An ICO or Initial Coin Offering is the process by which individuals and organisations raise funds in order to launch a new cryptocurrency coin or decentralised app.
If the cryptocurrency succeeds and appreciates in value the investors make a profit.
An ICO has reached its funding goal once a “soft-cap” has been achieved. This is the minimum investment required to launch the project.
Most ICOs will also have a hard-cap. This is the maximum amount they will be willing to accept as an investment.
The term ICO is synonymous with ITO. However in literal terms, the latter refers to the sale of cryptocurrency tokens, as opposed to coins.
In their early days, ICO’s were extremely successful and predominantly crowdfunded. In fact, in 2018 alone, ICOs raised over seven billion dollars. However, due to a large number of ICOs failing to return a profit, coupled with rife fraud, in that many ICOs turned out to be scams, the ICO market turned, but it also evolved.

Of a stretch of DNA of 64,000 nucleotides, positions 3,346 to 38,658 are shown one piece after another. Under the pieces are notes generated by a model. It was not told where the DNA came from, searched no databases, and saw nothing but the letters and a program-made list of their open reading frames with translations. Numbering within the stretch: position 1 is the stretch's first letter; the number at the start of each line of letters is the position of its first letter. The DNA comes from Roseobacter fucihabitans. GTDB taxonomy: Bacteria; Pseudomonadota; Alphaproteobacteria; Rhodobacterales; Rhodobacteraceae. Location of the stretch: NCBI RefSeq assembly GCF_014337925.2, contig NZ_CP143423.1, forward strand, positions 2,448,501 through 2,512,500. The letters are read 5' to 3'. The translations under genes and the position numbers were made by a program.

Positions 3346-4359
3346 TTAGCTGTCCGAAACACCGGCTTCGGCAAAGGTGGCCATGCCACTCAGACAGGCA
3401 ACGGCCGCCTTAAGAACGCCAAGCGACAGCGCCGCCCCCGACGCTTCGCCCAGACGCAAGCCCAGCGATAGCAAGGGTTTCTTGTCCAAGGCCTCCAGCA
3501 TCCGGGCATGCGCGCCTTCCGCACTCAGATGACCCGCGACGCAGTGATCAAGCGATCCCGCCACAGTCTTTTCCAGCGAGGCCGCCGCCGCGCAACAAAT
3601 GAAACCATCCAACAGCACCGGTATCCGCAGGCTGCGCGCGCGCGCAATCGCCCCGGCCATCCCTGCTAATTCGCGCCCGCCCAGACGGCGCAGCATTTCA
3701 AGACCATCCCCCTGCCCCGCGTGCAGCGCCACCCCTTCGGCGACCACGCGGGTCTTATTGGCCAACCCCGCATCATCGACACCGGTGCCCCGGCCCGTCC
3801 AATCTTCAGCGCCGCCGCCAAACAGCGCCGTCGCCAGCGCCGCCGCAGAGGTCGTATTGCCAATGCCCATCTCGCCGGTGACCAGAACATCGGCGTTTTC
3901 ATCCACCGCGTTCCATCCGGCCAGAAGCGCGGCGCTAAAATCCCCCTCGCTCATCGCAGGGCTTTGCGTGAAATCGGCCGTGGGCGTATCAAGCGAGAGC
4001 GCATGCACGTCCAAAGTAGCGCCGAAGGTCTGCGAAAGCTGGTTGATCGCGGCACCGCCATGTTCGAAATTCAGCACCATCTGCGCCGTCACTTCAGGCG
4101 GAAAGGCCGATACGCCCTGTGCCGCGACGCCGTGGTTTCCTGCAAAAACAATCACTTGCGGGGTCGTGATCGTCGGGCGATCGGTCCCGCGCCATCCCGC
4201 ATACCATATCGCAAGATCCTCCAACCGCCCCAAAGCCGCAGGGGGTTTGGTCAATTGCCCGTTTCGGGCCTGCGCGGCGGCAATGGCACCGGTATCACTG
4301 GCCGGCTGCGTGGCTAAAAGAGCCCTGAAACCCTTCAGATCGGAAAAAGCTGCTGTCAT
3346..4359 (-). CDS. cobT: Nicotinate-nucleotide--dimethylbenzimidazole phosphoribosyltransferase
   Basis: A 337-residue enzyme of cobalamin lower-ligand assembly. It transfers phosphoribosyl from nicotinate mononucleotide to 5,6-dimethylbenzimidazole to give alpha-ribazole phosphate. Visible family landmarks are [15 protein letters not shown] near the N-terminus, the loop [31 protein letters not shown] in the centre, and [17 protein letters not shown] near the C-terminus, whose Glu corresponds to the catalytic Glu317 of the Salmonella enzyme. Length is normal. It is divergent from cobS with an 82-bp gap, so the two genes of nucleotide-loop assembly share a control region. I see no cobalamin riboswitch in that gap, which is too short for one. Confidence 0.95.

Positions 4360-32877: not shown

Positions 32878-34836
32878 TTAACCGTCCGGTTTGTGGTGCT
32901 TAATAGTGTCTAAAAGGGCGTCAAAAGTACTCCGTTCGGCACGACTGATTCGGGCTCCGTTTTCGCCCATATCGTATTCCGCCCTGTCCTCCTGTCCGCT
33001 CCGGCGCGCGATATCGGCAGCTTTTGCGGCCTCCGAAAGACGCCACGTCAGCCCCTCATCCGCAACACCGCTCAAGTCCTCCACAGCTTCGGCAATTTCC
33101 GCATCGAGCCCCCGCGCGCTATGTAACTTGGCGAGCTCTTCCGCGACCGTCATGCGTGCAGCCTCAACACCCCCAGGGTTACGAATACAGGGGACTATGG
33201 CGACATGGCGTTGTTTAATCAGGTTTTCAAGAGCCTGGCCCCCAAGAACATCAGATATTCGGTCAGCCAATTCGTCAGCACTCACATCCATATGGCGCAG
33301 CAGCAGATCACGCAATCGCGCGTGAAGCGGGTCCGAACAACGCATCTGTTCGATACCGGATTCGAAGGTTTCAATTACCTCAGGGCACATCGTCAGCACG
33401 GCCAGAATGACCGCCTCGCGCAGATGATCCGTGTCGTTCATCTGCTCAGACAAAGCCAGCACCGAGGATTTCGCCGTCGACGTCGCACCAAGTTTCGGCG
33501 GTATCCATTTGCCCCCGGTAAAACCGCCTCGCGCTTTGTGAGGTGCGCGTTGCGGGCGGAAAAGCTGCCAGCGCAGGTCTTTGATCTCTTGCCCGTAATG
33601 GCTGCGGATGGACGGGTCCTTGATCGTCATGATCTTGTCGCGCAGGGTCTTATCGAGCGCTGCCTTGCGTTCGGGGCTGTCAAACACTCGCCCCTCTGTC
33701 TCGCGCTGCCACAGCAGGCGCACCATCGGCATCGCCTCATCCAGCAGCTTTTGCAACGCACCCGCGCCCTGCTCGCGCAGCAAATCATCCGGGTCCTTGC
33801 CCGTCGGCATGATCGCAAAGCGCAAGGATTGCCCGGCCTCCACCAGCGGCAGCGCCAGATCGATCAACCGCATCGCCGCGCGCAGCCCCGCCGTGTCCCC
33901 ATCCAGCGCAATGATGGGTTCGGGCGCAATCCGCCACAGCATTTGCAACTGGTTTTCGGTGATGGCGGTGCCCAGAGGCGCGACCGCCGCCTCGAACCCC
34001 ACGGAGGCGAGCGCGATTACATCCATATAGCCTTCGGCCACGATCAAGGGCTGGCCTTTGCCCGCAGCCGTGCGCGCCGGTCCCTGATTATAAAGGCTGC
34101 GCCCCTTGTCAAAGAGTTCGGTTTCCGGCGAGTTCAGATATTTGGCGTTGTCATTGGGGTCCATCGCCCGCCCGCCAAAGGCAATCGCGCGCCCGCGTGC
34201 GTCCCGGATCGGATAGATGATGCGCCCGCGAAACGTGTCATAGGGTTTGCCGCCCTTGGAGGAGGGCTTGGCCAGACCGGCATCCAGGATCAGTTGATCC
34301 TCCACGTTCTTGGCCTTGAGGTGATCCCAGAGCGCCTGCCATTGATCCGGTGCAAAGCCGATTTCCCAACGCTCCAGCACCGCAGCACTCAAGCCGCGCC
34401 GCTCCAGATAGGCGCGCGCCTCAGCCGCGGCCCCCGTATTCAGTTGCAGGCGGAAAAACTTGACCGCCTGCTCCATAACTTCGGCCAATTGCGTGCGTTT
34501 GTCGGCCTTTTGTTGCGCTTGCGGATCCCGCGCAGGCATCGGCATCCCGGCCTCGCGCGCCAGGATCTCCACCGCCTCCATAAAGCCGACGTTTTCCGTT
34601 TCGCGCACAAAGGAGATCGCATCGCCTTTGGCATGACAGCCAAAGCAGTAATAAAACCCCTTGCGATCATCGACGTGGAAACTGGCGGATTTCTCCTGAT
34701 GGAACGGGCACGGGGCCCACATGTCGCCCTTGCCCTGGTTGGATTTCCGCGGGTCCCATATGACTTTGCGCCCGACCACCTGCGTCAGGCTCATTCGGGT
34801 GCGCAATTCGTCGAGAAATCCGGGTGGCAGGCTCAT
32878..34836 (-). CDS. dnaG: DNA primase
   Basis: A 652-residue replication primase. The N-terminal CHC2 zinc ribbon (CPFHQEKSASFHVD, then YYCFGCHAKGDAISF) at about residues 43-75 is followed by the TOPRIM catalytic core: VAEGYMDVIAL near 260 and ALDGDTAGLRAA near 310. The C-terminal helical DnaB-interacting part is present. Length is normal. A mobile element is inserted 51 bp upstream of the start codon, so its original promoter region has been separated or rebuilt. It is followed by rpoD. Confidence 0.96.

In today's more mature crypto market, private ICO’s have become much more common, and investor due diligence is typically much more thorough.